In fact, He gave all privilege to man, with one stipulation: “You may surely eat of every tree in the garden, but of the tree of good and evil you shall not eat, for in the day that you eat of it you shall surely die.” Genesis 1:17 ESV. But somehow, practical, pretty, and perfect weren’t enough. Being completely comfortable didn’t keep Eve’s attitude and free will in check and in right thinking with God’s thinking. If comfortable wasn’t enough for Eve—in the beginning with perfect—I know it’s not enough for me. Me. The big, sweaty, whine baby that can’t see the forest for the ants…me.
We need to know that Satan try’s to redo our view. How? Easy. The devil didn’t have to puncture a perfect picture with his fangs. Nor did he pry open Eve’s identity. There was no use of physical pain to get her to see things differently. Satan simply planted an uncomfortable thought. A question, “Did God actually say, ‘You shall not eat of any tree in the garden’?” Genesis 3:1.
Eve then tells the serpent what she knows: if she eats the fruit or even touches it—she will die. However, Satan talks her into believing that her view of life was all wrong. “You will not surely die. For God knows that when you eat of it your eyes will be opened, and you will be like God, knowing good and evil. So when the woman saw that the tree was good for food, and that it was delightful to the eyes, and that the tree was desired to make one wise, she took of its fruit and ate,…” Genesis 3:5,6. So when the women saw? Apparently how we look at life and view our circumstance, matters.
Oh, Eve. Oh, me! Really I don’t need Satan to make me see things differently. I already have an eye for ease. He does, however, ask a lot of questions. Like: Do you really want to do the hardest of hard and write Fix-Her-Upper? Do you really desire to minister to the hearts of women? Do you really want to sign up and serve in church? Do you really want to serve outside of the cozy walls of church? The truth here, friends…these questions make me sweat so much I want to fold my glamping chair and run home. But this life aint no glamping.
Life can be painful. Unpredictable. And more than mildly uncomfortable. Take it from me, we can lean into comfort so long and fierce that we suffocate ourselves with a spiritual down-pillow. I almost missed the blessing of a mission trip, all because I was hesitant to step out of my own comfortable time zone. How sad. I’d have missed out on so many great friends God has provided. Blessed!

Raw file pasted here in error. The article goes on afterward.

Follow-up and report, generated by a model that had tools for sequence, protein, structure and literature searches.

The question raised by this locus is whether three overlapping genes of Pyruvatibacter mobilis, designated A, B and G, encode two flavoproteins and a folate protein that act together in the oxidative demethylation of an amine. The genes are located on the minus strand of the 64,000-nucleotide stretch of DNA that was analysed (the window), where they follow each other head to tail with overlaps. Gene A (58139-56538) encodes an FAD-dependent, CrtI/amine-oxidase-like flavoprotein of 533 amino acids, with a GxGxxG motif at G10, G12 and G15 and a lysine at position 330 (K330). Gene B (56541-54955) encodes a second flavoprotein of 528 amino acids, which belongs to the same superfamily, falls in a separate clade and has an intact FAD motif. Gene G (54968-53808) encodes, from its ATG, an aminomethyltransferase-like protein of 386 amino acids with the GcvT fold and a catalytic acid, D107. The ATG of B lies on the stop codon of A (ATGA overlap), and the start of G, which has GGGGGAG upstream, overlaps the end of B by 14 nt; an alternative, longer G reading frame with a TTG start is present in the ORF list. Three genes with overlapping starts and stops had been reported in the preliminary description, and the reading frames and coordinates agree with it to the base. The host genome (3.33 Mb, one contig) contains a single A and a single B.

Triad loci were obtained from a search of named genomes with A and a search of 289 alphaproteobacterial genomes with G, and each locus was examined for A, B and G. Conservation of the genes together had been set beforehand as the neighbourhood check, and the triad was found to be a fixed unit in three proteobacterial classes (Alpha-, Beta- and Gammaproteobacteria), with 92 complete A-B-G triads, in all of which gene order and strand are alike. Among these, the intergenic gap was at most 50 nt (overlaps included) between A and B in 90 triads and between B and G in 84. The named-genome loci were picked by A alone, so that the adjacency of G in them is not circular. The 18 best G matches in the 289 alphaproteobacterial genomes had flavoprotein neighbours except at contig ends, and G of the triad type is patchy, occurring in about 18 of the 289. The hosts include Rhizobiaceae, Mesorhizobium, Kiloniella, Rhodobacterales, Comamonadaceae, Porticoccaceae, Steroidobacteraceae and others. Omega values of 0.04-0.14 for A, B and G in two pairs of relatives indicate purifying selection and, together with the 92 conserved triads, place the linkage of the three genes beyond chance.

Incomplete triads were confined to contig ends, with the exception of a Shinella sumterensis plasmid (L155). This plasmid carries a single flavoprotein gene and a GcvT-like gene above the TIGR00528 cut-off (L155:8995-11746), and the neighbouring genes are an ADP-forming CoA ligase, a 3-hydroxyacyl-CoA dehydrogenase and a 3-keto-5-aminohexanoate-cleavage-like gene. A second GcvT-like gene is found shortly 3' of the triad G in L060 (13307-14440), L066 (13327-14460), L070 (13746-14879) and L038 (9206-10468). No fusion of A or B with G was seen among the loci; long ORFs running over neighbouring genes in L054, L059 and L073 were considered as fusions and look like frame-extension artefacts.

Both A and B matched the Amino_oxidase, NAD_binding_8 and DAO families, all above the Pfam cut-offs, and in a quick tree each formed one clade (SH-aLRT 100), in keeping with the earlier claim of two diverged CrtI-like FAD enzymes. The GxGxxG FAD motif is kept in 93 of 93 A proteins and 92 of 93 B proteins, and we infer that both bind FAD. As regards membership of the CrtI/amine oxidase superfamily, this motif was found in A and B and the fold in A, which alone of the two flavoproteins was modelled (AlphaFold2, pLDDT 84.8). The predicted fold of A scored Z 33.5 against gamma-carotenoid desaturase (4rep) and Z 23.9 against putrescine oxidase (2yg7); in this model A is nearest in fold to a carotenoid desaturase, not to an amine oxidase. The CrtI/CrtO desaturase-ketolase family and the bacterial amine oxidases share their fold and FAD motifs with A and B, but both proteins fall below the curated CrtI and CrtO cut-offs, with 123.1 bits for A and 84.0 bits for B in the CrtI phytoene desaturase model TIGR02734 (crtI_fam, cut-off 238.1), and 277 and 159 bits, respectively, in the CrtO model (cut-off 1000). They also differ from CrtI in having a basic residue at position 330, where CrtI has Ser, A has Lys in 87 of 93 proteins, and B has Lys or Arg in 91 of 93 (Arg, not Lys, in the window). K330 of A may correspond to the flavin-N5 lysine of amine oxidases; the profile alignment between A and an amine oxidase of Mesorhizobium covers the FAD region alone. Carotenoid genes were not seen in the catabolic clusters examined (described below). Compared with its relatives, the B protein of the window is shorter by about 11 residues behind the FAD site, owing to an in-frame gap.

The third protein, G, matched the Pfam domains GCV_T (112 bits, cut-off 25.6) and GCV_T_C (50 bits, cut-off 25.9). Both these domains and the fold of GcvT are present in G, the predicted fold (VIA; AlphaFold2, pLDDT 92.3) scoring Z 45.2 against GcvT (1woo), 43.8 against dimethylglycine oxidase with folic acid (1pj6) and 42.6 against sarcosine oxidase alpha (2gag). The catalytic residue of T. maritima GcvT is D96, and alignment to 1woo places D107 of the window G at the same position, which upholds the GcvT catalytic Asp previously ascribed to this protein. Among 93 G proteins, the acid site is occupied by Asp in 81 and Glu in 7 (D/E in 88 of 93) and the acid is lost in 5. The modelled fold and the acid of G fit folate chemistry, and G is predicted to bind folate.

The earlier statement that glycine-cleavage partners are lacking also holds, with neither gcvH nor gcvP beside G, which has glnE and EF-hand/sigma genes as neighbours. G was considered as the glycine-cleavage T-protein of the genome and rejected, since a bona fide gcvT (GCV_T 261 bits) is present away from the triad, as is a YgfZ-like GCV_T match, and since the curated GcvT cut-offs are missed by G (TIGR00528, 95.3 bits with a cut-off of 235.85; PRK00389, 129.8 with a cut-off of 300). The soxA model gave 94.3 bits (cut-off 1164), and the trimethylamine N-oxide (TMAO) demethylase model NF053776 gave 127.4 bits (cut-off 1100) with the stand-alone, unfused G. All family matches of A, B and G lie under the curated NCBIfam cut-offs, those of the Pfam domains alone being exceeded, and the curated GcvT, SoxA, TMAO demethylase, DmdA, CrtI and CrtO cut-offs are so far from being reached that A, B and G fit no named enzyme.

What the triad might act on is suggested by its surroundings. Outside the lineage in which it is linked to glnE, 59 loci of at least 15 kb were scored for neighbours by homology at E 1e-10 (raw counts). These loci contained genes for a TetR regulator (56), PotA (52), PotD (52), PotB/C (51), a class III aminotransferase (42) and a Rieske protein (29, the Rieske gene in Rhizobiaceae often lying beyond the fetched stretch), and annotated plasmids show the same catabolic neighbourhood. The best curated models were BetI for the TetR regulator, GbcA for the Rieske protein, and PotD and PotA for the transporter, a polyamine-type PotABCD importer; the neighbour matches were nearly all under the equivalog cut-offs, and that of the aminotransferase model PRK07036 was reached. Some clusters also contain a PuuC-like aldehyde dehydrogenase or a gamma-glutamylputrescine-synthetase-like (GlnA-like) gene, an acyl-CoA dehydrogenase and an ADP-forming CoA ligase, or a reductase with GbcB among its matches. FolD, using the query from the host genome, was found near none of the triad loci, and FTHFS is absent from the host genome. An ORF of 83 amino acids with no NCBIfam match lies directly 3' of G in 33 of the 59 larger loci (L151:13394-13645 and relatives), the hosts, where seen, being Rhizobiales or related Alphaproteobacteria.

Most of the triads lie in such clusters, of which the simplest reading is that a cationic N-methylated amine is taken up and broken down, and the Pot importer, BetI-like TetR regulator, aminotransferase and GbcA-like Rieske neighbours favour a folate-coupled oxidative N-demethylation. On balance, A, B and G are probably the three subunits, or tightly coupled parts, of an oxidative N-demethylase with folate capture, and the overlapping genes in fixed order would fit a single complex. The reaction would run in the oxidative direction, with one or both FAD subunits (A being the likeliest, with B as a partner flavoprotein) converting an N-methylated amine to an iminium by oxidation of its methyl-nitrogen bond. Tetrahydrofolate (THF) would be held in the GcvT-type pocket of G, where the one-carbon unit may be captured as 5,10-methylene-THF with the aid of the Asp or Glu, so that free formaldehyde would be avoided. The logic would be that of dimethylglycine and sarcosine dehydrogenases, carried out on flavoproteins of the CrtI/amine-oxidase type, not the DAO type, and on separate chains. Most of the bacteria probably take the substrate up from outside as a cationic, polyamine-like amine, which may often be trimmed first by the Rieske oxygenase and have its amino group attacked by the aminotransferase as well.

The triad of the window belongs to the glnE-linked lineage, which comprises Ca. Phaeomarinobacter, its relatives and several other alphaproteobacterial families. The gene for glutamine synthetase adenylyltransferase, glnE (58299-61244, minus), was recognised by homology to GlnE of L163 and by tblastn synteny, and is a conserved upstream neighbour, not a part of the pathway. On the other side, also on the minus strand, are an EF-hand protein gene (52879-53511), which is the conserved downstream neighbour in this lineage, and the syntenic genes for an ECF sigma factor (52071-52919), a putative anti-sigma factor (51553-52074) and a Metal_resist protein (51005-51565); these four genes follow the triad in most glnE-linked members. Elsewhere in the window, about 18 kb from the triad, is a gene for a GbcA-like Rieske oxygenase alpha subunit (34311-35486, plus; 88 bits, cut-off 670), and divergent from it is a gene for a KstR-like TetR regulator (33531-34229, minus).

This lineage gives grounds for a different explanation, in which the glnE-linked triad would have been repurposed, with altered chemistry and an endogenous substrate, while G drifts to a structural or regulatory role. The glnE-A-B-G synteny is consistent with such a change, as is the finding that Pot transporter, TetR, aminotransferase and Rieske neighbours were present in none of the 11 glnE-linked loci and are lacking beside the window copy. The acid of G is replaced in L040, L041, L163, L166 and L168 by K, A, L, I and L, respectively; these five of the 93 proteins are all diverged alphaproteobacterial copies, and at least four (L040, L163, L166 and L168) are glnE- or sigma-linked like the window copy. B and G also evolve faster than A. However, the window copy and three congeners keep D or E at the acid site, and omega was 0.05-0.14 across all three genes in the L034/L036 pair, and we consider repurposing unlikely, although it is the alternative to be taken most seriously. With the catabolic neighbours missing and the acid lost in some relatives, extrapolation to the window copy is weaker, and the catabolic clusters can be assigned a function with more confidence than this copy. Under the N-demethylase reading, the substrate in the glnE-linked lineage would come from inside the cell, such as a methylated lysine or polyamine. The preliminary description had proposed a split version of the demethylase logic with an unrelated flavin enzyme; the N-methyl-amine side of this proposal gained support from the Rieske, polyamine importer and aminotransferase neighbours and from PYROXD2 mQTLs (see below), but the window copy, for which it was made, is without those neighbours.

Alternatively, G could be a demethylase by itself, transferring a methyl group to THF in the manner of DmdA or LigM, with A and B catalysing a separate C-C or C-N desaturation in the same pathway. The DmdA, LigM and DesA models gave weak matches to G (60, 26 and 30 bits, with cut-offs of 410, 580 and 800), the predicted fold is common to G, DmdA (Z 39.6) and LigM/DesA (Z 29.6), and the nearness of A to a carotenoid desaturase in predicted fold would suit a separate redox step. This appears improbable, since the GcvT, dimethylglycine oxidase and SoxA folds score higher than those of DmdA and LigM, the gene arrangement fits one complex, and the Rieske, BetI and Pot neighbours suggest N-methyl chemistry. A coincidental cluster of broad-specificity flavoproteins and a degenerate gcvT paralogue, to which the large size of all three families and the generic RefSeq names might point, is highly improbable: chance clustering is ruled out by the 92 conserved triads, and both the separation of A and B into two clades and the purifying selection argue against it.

So how do we redo our view? We can start by reminding ourselves of the tendency to chase the comfortable, familiar, and easy way of life. Comfort grows complacency and our tendancy to see ants instead of trees. If being comfortable wasn’t enough for Eve–it’s not enough for me. I want to grow in relationship to God. I also want others to look at me and see a God at work. A work in progress.
More than a re-do, my view needs this optimistic reminder, “And God saw that it was good.” Any view with Him is good. And when I avoid the uncomfortable it can be bad. I want to see all God has. The best sights.
I am wondering? Are any of you sensing your tendency to avoid discomfort in any way? Does your perspective in need of a change of view? Do you sense God calling you to the edge of something new and unfamiliar (maybe even uncomfortable), with Him? A new commitment to disciple. An opportunity to serve. Perhaps, a chance to glamp. Well, not glamp, maybe just plain camp. No doubt that can be a starting stretch for some. Not a spiritual stretch, just a stretch. I would love to hear about it and share your posts.
And before I get any notes concerning the raccoons or our attempts to indulge them with sweet treats, allow me to spread some optimism here. Uh. I don’t hate raccoons. I also know they can’t kill you. Unless, they are frothing at the mouth from rabies and not marshmallows. Rabies can kill you even after a zillion shots in your stomach. No, I just don’t like coons for bathroom buddies. And we weren’t trying to kill them with sugar. We were simply indulging them with kindness. I guess it’s all in how you look at it. I still say sometimes the best views are from the bunk of our camper.